Cal started the game scathing hot from the field, shooting 10 of 12 to start the game, but finished the first half 3 of 21 from the field.
“It all starts with stops,” Barnes said. “When we get stops it fuels our transition game.”
ASU was 12 of 26 from the field, shooting 46.2 percent in the first half.
Taking advantage of Cal’s poor shooting and sloppiness with the ball down the stretch, ASU managed to take its first lead of the game, 28-26, off a layup by junior guard Gerry Blakes with 5:09 left in the first half.
Blakes led the way for the Sun Devils in the first half, scoring 12 points on 5 of 6 from the field and grabbed down three rebounds.
ASU had seven blocks in the game with junior post-player Eric Jacobsen accounting for five of them.
Jacobsen again had a quiet day for the Sun Devils offensively, unable to convert point-blank layups, going 1 for 5 in the game, but his defensive presence aided the Sun Devils in a multitude of ways.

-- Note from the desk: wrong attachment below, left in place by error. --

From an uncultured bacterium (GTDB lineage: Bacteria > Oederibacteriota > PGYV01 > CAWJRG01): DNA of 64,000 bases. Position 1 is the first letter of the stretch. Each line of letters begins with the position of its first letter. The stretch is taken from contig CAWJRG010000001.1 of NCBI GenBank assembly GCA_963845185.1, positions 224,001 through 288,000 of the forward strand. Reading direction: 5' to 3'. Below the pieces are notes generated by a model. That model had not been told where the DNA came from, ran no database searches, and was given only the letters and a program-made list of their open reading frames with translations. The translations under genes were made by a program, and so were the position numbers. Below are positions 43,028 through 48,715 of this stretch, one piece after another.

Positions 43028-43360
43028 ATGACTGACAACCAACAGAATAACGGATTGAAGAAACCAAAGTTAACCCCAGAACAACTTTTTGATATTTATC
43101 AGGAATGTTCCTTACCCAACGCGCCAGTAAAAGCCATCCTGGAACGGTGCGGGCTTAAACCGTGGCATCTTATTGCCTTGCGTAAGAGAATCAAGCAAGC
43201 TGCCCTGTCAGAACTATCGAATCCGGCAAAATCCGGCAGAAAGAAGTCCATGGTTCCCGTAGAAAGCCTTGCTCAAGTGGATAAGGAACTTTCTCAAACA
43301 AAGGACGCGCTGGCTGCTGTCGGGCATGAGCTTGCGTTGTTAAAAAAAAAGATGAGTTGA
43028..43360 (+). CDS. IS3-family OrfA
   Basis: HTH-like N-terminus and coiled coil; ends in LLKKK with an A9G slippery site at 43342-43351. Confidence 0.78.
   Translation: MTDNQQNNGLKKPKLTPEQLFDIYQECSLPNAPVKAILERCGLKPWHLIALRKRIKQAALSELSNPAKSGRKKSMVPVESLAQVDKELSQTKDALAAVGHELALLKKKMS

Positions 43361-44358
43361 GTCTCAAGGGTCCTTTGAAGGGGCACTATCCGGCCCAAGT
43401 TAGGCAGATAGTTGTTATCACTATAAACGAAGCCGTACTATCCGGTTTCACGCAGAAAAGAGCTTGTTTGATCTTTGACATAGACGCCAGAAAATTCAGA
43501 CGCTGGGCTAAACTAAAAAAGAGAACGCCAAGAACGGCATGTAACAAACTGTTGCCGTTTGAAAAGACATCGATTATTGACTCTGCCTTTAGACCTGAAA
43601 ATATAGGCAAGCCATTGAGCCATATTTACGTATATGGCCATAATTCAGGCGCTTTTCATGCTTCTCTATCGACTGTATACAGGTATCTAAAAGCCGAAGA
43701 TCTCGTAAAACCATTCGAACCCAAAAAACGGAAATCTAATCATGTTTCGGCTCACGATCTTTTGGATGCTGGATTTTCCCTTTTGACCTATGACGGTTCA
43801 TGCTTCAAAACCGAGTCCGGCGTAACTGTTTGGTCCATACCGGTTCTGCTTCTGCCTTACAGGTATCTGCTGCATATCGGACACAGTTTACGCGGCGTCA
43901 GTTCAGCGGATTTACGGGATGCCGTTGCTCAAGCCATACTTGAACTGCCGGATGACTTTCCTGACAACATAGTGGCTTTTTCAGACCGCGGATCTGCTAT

Despite the offensive troubles from Jacobsen, ASU again won in paint points, 42-34, and found another way to win besides hitting the three-point shot.
ASU was 3 of 9 from behind the three-point arc on the game.
Gilling and Barnes, who elected not to start the game on Senior Day, finished with zero points and nine points respectively.
“When you get a whole new group of guys, it’s hard to win, especially at the Division I level and we got four JUCO guys,” McKissic said. “I played at JUCO and it’s just not the same. The pace, everything, you got to learn so much different lingo and it was just growing pains and hopefully we got that out of the way.”